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69th Congress (1925–1927)

Congressional Profile

Total Membership:

  • 435 Representatives
  • 2 Delegates
  • 3 Resident Commissioners

Party Divisions:*

  • 183 Democrats
  • 247 Republicans
  • 3 Farmer-Labor
  • 1 American-Labor
  • 1 Socialist

*Party division totals are based on election day results.

  • Election Statistics, 1924 [PDF]
Nicholas Longworth/tiles/non-collection/s/speaker_longworth_2005_016_038.xml Collection of the U.S. House of Representatives
About this object

Congress Overview

Republicans retained control of the Senate and White House and bolstered their House majority after the 1924 elections. Amid an economic boom, the 69th Congress (1925–1927) reduced a variety of taxes. President Calvin Coolidge vetoed the McNary-Haugen Act which would have established federal price supports for agriculture, but the Air Commerce Act, the Railway Labor Act, and the Radio Control Act promoted long-term growth in those industries. The Public Buildings Act transformed a substantial part of Pennsylvania Avenue in the heart of Washington, D.C.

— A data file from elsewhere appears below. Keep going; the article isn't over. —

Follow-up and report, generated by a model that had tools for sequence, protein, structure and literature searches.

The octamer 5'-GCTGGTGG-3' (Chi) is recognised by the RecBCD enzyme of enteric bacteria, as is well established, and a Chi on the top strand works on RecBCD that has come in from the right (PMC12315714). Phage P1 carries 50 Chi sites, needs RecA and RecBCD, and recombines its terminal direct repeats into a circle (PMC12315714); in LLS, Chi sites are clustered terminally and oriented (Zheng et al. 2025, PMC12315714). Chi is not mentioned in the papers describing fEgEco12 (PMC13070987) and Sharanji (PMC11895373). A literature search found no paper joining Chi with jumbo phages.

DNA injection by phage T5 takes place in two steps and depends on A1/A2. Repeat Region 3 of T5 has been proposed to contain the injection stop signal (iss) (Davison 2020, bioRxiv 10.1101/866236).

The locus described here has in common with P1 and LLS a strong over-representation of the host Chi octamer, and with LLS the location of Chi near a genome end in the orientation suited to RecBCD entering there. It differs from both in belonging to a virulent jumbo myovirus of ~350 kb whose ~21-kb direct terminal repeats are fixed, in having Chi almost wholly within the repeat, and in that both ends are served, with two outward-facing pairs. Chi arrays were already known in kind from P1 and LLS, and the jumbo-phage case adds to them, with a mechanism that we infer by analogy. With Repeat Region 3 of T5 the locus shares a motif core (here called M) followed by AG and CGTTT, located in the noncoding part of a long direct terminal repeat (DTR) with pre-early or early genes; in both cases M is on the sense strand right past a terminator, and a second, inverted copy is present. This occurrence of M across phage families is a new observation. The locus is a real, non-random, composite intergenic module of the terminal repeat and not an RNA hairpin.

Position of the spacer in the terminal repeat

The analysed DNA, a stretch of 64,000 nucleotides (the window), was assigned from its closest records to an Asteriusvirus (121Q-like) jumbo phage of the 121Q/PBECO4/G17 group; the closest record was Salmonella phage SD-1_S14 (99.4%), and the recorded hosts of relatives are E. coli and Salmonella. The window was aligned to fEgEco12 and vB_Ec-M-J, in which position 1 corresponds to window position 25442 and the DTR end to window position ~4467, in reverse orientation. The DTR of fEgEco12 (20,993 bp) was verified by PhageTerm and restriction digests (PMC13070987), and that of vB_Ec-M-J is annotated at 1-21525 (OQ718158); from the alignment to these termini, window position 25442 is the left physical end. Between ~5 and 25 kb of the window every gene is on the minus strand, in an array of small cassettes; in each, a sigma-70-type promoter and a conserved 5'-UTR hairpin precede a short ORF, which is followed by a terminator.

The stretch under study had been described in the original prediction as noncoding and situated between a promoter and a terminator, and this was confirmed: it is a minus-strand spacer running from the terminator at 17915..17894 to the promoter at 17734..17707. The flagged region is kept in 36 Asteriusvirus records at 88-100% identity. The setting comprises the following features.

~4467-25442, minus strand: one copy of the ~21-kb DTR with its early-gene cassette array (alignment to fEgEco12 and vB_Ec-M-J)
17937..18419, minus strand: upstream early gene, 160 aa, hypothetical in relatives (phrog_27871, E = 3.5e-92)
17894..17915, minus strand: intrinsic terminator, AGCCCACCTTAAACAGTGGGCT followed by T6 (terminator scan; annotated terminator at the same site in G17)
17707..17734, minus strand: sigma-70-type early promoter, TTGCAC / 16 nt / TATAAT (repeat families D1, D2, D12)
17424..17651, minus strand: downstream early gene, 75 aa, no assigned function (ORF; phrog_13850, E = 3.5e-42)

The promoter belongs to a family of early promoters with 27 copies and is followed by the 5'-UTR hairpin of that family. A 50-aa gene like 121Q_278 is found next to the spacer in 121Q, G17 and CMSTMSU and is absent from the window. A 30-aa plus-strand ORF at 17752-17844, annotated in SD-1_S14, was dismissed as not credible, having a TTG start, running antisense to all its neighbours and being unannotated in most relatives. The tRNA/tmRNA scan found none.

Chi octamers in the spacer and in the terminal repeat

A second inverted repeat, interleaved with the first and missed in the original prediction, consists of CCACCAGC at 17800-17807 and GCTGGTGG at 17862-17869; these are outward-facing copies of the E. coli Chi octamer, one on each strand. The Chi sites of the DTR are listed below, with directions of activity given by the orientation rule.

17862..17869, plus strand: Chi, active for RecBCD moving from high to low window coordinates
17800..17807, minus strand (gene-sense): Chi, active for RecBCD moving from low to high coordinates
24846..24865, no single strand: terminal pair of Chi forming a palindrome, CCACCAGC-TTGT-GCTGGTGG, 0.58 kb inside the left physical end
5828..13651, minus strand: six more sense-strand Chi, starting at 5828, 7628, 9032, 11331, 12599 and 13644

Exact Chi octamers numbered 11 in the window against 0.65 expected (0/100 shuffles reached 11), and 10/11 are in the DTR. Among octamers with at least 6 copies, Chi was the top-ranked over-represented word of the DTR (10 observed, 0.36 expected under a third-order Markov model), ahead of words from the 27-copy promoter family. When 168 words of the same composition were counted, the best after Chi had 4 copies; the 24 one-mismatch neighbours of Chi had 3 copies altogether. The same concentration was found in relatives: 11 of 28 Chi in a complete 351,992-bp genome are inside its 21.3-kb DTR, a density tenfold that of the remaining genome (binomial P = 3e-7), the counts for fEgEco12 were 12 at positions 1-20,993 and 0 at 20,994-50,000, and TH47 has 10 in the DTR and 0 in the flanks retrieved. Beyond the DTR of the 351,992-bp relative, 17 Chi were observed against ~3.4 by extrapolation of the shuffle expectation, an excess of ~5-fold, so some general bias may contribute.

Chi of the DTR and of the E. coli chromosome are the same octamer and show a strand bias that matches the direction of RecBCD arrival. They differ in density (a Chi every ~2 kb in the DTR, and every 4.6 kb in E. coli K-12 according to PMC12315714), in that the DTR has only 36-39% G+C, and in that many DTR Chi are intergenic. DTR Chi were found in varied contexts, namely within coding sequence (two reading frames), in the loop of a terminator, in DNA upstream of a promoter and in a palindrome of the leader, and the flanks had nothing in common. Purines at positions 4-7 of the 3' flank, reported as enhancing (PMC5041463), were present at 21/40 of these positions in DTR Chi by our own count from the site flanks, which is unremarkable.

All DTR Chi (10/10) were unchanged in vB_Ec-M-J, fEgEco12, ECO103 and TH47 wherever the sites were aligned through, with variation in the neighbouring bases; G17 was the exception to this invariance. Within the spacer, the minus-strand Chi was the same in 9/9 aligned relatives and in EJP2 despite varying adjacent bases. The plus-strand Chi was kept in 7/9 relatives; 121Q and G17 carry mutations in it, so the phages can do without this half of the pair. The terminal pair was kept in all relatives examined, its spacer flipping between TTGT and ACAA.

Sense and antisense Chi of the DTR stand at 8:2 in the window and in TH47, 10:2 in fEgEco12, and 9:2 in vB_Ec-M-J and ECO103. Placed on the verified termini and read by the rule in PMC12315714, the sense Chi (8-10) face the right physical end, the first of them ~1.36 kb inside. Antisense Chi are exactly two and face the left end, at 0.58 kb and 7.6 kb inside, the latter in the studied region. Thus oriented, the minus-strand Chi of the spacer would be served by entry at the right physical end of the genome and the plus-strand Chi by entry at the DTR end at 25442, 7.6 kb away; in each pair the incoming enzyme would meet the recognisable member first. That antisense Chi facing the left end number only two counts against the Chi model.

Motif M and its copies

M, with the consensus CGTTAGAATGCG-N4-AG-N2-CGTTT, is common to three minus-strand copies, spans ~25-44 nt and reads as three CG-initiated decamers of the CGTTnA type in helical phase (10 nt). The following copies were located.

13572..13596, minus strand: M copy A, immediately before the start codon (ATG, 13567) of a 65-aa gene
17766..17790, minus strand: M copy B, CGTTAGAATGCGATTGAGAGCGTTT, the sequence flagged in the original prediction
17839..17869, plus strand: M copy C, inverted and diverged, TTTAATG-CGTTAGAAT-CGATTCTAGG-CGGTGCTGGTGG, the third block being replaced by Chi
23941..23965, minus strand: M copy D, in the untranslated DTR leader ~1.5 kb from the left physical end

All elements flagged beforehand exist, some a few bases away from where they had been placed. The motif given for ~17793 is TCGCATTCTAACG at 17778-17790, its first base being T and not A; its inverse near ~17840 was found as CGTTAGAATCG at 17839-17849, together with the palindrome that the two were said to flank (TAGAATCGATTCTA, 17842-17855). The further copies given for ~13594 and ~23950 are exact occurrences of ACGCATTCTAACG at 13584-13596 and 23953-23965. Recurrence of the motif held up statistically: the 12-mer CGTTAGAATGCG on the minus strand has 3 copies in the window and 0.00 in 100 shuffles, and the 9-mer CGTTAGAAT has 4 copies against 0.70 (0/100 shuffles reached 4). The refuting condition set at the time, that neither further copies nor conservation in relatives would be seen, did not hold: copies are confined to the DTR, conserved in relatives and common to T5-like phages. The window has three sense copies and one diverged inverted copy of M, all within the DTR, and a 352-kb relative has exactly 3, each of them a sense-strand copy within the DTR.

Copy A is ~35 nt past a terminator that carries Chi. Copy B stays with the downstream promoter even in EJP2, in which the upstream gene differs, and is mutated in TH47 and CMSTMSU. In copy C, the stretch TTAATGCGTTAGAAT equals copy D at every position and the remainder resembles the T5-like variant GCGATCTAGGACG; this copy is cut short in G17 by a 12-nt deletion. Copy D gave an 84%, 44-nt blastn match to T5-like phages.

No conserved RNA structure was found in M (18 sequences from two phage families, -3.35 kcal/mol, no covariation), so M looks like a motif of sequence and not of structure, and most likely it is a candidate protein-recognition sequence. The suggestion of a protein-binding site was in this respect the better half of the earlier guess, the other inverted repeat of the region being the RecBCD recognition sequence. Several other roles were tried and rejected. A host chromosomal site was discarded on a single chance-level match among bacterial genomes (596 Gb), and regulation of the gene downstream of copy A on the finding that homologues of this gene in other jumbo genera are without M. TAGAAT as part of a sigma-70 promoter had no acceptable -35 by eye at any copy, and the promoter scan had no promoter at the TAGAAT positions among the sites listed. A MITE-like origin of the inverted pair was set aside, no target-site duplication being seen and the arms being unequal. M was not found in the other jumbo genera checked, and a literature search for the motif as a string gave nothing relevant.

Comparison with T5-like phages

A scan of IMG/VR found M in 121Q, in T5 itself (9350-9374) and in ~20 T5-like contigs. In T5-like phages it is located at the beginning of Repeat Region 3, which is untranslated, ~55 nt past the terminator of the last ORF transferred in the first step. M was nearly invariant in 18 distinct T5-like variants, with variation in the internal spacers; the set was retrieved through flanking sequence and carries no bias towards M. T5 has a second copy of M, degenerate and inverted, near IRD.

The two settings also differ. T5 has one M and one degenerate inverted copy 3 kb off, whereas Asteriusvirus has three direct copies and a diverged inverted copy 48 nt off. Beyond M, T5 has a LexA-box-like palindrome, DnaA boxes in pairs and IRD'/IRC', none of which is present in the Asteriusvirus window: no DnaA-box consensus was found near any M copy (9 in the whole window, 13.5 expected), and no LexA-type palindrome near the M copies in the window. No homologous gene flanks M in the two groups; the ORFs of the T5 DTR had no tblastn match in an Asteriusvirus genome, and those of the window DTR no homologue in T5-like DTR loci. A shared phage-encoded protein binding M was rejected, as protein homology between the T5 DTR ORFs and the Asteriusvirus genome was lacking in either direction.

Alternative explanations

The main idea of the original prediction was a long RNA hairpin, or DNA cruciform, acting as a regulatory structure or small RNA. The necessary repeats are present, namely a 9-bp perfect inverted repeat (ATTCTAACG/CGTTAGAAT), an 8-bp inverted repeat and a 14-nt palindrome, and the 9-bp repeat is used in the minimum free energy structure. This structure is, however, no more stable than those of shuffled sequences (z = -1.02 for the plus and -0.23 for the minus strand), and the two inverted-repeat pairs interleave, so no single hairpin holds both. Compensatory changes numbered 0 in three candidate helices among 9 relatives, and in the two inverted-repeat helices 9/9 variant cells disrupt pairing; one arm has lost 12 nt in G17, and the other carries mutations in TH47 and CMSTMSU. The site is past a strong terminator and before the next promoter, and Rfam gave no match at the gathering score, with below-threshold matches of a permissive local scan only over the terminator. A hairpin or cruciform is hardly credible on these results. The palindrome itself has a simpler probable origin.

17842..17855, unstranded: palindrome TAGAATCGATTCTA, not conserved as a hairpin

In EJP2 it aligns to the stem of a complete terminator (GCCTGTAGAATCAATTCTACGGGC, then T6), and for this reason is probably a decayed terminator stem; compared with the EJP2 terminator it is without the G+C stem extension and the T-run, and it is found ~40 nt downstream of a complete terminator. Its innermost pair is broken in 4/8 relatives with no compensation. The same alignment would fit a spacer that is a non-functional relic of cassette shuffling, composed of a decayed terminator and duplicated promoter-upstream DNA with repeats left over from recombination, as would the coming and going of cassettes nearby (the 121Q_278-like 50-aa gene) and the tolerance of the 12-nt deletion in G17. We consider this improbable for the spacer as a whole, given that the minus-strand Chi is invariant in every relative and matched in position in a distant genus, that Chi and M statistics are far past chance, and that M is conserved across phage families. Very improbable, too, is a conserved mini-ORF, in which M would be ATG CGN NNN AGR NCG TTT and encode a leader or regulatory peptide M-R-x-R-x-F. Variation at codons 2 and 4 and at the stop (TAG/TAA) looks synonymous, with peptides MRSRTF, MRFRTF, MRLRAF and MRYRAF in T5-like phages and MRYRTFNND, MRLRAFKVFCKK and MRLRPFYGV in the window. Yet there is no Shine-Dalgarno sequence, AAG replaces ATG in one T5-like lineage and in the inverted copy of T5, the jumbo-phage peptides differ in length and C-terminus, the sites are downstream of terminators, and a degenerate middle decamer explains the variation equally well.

Historical Highlights

See more Historical Highlights.

Member Information

  • Biographical Directory of the U.S. Congress, (1774-2005), Official Annotated Membership Roster by State with Vacancy and Special Election Information for the 69th Congress [PDF]
  • Learn more about the House of Representatives with an interactive map

Learn more about the People of the People's House

Leadership & Officers

Speaker of the House:
Nicholas Longworth (R–Ohio)
Majority Leader:
John Q. Tilson (R–Connecticut)
Minority Leader:
Finis J. Garrett (D–Tennessee )
Democratic Whip:
William A. Oldfield (D–Arkansas)
Republican Whip:
Albert H. Vestal (R–Indiana)
Democratic Caucus Chairman:
Charles D. Carter (D–Oklahoma)
Republican Conference Chairman:
Willis C. Hawley (R–Oregon)
Clerk of the House:
William Tyler Page
Sergeant at Arms:
Joseph G. Rogers
Chaplain of the House:
James Shera Montgomery – Methodist
Doorkeeper:
Bert W. Kennedy
Postmaster:
Frank W. Collier
Clerk at the Speaker's Table:
Lehr Fess

To view complete lists of individuals who have served in these leadership and official positions since the 1st Congress, visit the People section